6 Things You Might Not Be Budgeting For

6 Things You Might Not Be Budgeting For -- The Life She Wanders

Can you believe we are on week 4 of our Money Monday series?! Y’all are absolutely loving the series as much as I am which makes me incredibly happy. So far in the series we’ve talked about the basics of starting a monthly budget, evaluating our monthly budget to save money, and tips for paying off college loans.

I’ve mentioned a few times how I think it is important to budget and account for every single dollar of income you have in order to maximize your efforts. We’ve taken a look at accounting for fixed and variable expenses to account for but there may be a few things you might not be including in your budget. So today we’re taking a look at 6 things might not be budgeting for and why they are important.


If you don’t have a savings account, stop what you’re doing right now and get one started! I struggled for the longest time with starting a savings because in my mind, it seemed backwards to be saving money when that money could be going to pay of loans or debt. But having a savings is so important! We all have financial and life goals - like buying a car, taking a dream vacation, going back to school, etc - and without a savings in place, those goals might be unattainable…or get us into even more debt. Also, saving for your future and retirement is basically a necessity these days!

If you have a traditional corporate job, be sure you are taking advantage of 401(k) options - especially if your company matches [it’s like free money!]. If you are an entrepreneur/freelancer and don’t have the traditional 401(k) or savings plan options, it is definitely important for you to be focusing on a personal savings plan.

I dedicate a specific dollar amount of my income each month to go to my savings. I also immediately add any passive income [Poshmark sales and influencer commissions] to my savings account. Another easy way I’ve been able to save money is directly through my bank by switching to a “Keep the Change” account. With this account, any transaction I make with my debit/credit card, they round that up to the nearest dollar and transfer the change to round up directly into my savings. Whether I’m getting groceries, gas, making a monthly loan payment, I’m saving money. So if I spend $20.26 at the grocery store, it gets rounded up to $21, and $0.74 is automatically added to my savings account. It might not seem like a lot, but every little penny adds up!


Unexpected things will always come up and the last thing you want to do during an unexpected life event, is to worry about money or going deep into debt. An emergency fund should be separate from your traditional savings account. It should have enough funds in it to fully cover your expenses for 3-6 months. Yes, that sounds like a lot and it’s something I’m working on myself.

For example, say you lose your job with no warning. Your income stops but your expenses don’t. How are you going to cover rent, utilities, loan payments, groceries, etc?! By having an emergency fund in place, you can put your focus towards finding a new job instead of worrying about your monthly expenses and possibly going deep into debt.


In basic terms, a sinking fund is money set aside over a period of time for an expense/expenses happening in the future. This doesn’t have to be huge amounts of money you’re putting aside, it could be as little as $5 a week or $50 a month for 3 months. A future expense that you would use a sinking fund for is the holidays…yup, the holidays are approaching! If you start setting aside money now, it won’t seem like as large of hit to your budget at one time. Think of it as a temporary, separate savings that you’ll use for a one time expense like the holidays.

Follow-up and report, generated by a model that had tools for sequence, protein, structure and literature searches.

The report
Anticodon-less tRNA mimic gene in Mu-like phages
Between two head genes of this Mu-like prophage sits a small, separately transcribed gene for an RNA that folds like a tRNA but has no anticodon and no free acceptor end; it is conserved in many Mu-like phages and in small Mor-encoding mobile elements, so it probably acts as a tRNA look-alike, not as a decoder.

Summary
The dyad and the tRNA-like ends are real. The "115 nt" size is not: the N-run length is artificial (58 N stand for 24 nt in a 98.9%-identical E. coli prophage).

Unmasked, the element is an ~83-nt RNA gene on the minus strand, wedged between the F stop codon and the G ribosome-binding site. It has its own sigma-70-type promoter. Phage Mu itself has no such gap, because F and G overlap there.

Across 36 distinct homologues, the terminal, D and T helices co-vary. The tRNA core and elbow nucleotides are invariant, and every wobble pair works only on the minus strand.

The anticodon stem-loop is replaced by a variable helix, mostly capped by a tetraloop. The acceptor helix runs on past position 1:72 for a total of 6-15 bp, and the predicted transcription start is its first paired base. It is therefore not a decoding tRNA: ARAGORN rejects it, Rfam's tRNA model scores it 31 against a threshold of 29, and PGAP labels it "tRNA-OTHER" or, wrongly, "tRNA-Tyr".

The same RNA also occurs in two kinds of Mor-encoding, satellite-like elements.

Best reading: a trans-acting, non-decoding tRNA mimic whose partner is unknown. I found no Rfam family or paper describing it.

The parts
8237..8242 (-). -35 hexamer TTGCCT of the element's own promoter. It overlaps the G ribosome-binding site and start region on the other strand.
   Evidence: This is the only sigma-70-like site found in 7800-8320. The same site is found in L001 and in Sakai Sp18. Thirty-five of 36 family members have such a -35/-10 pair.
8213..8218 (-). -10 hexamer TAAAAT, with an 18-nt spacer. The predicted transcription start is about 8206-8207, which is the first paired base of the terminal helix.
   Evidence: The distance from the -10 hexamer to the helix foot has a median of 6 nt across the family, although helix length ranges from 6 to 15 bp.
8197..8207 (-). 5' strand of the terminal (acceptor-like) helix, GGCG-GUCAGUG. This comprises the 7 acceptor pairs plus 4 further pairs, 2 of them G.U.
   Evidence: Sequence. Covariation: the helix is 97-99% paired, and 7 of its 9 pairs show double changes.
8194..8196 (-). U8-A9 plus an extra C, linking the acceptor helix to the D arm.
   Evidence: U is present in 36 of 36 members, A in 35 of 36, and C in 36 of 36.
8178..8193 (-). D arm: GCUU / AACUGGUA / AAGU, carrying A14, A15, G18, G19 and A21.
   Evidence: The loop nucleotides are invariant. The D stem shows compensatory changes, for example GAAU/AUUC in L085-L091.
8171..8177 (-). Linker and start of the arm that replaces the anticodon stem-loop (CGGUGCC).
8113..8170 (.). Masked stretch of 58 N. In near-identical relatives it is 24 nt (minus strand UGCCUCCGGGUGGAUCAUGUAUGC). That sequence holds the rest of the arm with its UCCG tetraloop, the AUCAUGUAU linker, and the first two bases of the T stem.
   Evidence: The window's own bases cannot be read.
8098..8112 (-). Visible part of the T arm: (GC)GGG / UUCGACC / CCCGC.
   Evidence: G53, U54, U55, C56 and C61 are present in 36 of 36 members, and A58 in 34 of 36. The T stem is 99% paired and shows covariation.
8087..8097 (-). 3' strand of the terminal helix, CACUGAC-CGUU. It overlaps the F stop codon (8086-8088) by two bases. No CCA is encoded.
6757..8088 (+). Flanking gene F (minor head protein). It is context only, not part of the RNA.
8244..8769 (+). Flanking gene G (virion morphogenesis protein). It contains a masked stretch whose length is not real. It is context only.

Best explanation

6 Things You Might Not Be Budgeting For -- The Life She Wanders


With all this “save for this, pay off that, don’t forget this bill” we can sometimes forget to have some fun with our money! Maybe it’s treating yourself to a latte once a week, or buying those new pair of shoes you’ve been eyeing for months, or dinner and drinks out with your girlfriends one weekend. Setting aside some fun money each month can help you to avoid overspending on things you enjoy. It’s important to reasonable though and to keep those financial goals you have in mind!


Unexpected and unplanned things happen in life and whether you are a newbie or veteran budgeter, it happens to everyone. Maybe your meeting ran late which caused you to be 15 minutes past your parking time so you get a parking ticket, or you forget it was a co-workers birthday and you want to chip in for the cake. You can’t plan out every single monetary transaction that it going to take place because we’re human and things happen. So have a small amount set aside just in case. If you use it, you’ll be glad you had it prepared. If you don’t, put that money into your savings or use it as an extra payment on a loan.


I don’t know about you but I have some big personal life goals and has much as I may hate that everything pretty much revolves around money, these goals certainly do and I’m going to do what I can to make them reality [hello, buying a house]. Maybe you have a vision board above your desk or a Pinterest board full of future life inspo, but visualizing those big goals can help you save and rethink that $5 daily latte. And yes, we mentioned a general savings but it might be wise to have a separate life goal account. If not, just keep in mind what you need for those goals [ie: at least 20% down] and be sure that you still have a good balance in your savings after that money is gone.

There you have it, 6 things you might be forgetting to budget for monthly. Did any of these stick out to you most? Share below in the comments!

6 Things You Might Not Be Budgeting For -- The Life She Wanders